6 Sep 2022 Peak Climbing Nepal
If you want a precise mathematical answer to “where is Island Peak located?”, it is at 27.9242° N, 86.9373° E coordinates. The mountain Imja Tse or the Island peak, is located at the Khumjung of northern Nepal. The mountain extends to the Lhotse Tsar mountain’s south end ridge. It is also a part of the Sagarmatha national park.
Island peak’s location is very close to the peak of the world, Everest. The peak is often seen while trekking around the Everest region. Imja Tse looks like an island covered with snow from the Dingboche region. Hence, it is popularly known as an Island peak by tourists. The mountain is also a popular expedition destination for tourists worldwide.
Island peak stands at a height of 6,160 meters and is a relatively easy climb. The expedition to Island peak allows you to experience the Everest region as you trek to the base camp. Sagarmatha National park, Namche Bazaar, Dingboche, and Tengboche are some places you pass by during this expedition. The Everest Base Camp is also very close to the Island Peak base Camp.
For further ideas, let us go through the route required to reach the Island peak.
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Route to reach and get back from Island Peak.
The route to reach Island Peak commences from Lukla. It would be best to reach Lukla by flight to start your hike for the Island Peak expedition. From Lukla, you will have to aim towards Phakding, which includes crossing suspension bridges over Dudh Koshi. Further in the route, you will move towards Namche Bazaar. It will include passing more suspension bridges over Dudh Koshi. Along the road, you will also cross the 123rd tallest bridge in the world.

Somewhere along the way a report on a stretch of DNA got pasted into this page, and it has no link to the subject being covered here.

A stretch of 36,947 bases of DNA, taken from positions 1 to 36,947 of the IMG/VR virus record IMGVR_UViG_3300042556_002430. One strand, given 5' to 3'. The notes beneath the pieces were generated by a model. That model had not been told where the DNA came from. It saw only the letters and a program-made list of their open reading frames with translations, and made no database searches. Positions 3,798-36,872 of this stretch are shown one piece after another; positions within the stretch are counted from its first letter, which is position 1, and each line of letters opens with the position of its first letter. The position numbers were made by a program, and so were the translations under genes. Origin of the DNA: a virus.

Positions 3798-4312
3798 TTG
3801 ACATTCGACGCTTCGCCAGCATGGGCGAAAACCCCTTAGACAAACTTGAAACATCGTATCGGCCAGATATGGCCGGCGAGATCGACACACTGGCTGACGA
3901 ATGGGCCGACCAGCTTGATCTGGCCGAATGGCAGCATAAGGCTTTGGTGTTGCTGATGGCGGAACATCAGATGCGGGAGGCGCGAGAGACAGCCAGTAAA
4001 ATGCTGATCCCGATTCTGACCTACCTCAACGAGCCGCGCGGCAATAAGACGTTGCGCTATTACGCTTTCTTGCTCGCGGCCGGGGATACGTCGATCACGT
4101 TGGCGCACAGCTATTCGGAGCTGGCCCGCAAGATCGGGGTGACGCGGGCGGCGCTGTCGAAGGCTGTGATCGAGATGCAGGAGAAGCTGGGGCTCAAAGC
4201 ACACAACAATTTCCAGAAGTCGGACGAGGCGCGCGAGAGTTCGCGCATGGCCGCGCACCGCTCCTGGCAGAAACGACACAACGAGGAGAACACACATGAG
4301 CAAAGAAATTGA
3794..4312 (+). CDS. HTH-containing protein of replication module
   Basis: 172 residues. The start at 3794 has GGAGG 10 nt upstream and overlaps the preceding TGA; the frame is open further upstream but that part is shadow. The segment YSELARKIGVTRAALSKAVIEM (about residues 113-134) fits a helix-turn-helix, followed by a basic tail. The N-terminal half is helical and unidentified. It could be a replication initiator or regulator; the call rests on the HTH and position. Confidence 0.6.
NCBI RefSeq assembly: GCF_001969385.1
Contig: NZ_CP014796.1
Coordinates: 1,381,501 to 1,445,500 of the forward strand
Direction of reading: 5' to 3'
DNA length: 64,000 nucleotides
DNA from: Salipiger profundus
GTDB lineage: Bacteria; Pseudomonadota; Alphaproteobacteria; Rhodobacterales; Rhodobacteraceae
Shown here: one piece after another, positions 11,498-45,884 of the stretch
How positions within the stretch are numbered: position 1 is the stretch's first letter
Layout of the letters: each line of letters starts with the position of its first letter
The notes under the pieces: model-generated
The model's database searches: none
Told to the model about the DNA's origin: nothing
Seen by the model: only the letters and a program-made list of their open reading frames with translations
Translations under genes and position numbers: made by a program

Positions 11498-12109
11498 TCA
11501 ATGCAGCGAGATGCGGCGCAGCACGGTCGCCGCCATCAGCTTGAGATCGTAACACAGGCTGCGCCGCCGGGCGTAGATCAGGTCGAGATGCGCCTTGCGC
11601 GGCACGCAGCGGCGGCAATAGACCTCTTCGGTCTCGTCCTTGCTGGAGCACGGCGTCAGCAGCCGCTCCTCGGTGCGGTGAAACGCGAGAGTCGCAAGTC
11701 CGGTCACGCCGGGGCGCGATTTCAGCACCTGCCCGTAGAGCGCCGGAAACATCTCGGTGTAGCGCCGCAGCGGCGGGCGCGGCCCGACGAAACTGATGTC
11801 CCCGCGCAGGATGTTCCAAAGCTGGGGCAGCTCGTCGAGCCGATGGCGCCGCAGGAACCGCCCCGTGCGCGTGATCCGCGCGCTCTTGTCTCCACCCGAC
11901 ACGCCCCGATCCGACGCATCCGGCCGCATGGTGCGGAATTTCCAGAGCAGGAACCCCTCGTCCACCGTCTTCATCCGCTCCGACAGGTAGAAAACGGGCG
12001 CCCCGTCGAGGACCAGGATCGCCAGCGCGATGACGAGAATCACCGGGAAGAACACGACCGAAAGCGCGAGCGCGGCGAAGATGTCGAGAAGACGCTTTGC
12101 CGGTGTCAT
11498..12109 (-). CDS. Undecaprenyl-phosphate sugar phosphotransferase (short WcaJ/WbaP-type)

The road towards Namche will also take you inside the Sagarmatha National Park area, which houses rare faunas and floras. You will reach Namche after a short walk and observe the nearby region of the Sagarmatha National Park area. The Namche area is a Buddhist settlement area and a hub for tourists.
After Namche, the road will take you to Tengboche, with an uphill trek. The road is very steep till you reach Sanasa but decreases a bit upon reaching Phunki Thanka. You will reach Tengboche from here after around two hours. The Tengboche monastery will mark the entry to your destination.
You will head towards another hamlet called Dingboche moving forward. It will include passing through high-altitude yak herds. The settlement area almost vanishes as you move past Tengboche and Dingboche.
Next, you will head for Chukkung, where you can find the glaciers of Imja Khola. The river originates from the destined mountain itself.
The next stop on the road will be the Island Peak base camp which also goes by the name Pareshaya Gyab. This destination will be the first half of your route to the Island Peak expedition.
After you finish your climb and return to the base camp, you will follow the same route. You will retrace your steps downhill towards Chukkung-Dingboche-Tengboche and return to Namche. From Namche, you can return to Lukla via Phakding, ending your expedition and trek.